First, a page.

Galloping along the roadside...
Today was Colby's "day off" from working in the arena, and he got to spend the afternoon and evening cooling off in the shade of his pasture, looking lazy but pleased with himself.
While my baby had the day off, my friend's horse didn't. She's been out of town for three weeks now and her sorrel Thoroughbred mare has yet to be exercised (she and a few other horses gallop around their pasture, but nothing too exciting). Windsong used to be a hunter jumper, and competed in some pretty high-end shows. Now she is "retired", even though she is only thirteen years old.
I decided to take her out on a trail with another friend of mine. She was a good girl when I led her up from the pasture; she hardly fidgeted in the cross-ties; and I've never seen a horse so willing to accept the bit. I fed her a couple of carrots before we left and let her slurp like a dog from the water trough before mounting up.
We rode down the driveway and turned left onto a dirt road. That we stayed on for a good thirty minutes, walking and occasionally trotting. I found Windsong bending nicely beneath me; she was very willing and seemed excited to be out of that pasture.
A stream of cars rolled by and Windy didn't even flicker an ear. She didn't spook, either, when a family of rabbits rustled the bushes to our right. I was smiling to myself as we picked up a canter, thinking 'Wow, what a lovely horse'.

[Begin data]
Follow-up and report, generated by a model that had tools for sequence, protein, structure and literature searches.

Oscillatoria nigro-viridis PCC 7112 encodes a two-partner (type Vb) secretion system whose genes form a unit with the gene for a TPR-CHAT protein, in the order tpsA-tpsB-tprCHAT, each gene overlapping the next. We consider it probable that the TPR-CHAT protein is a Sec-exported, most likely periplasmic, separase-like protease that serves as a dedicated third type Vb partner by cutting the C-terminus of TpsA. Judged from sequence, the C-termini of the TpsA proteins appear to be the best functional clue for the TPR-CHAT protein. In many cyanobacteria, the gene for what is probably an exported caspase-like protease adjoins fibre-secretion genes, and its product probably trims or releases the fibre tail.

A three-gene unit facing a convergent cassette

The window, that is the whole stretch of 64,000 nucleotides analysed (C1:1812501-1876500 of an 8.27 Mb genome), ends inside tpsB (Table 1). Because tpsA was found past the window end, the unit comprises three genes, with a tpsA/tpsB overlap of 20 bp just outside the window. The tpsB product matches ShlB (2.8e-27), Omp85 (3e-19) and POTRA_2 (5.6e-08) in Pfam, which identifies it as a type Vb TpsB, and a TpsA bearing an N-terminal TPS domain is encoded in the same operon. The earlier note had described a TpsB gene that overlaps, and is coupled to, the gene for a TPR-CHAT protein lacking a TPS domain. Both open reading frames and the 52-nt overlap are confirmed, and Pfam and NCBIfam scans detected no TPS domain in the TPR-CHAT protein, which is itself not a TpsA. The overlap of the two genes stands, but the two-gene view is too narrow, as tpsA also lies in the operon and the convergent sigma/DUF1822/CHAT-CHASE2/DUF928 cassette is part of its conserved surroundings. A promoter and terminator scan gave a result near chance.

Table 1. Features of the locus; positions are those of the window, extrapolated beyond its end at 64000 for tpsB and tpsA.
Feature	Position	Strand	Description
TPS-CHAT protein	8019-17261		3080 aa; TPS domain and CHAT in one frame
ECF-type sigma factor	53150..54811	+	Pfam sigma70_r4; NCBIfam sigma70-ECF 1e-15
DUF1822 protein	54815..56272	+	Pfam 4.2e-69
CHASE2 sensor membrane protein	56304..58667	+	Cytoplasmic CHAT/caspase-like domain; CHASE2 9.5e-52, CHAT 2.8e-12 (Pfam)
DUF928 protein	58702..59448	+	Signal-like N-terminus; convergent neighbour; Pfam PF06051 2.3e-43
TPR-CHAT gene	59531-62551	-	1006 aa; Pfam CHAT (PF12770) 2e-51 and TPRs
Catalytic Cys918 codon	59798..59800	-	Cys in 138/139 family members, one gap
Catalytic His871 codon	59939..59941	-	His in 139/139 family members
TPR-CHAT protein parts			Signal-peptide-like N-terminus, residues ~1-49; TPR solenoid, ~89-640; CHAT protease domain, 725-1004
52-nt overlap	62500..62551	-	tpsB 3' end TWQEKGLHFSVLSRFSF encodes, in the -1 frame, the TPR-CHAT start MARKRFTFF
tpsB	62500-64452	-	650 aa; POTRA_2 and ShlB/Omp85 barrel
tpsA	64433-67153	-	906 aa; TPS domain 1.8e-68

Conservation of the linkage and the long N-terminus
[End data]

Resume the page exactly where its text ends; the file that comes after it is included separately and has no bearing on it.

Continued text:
Windsong cantered along nicely, but I knew she wanted a good run. She pulled at the bit, shaking her head and lengthening her stride bit by bit, as if she thought I wouldn't be able to notice. I laughed, gave her her head, grabbed a handful of her mane, and let her soar.
Galloping on a 16' hand Thoroughbred mare, down a steep road, made me catch my breath and hold on for dear life. I've yet to gallop on Colby, and trust me; I'm going to take my time doing it!
Windsong was my test run, and I was really enjoying myself. I felt disappointed when we turned back up the driveway, and I spent half an hour in an empty stall coddling that mare.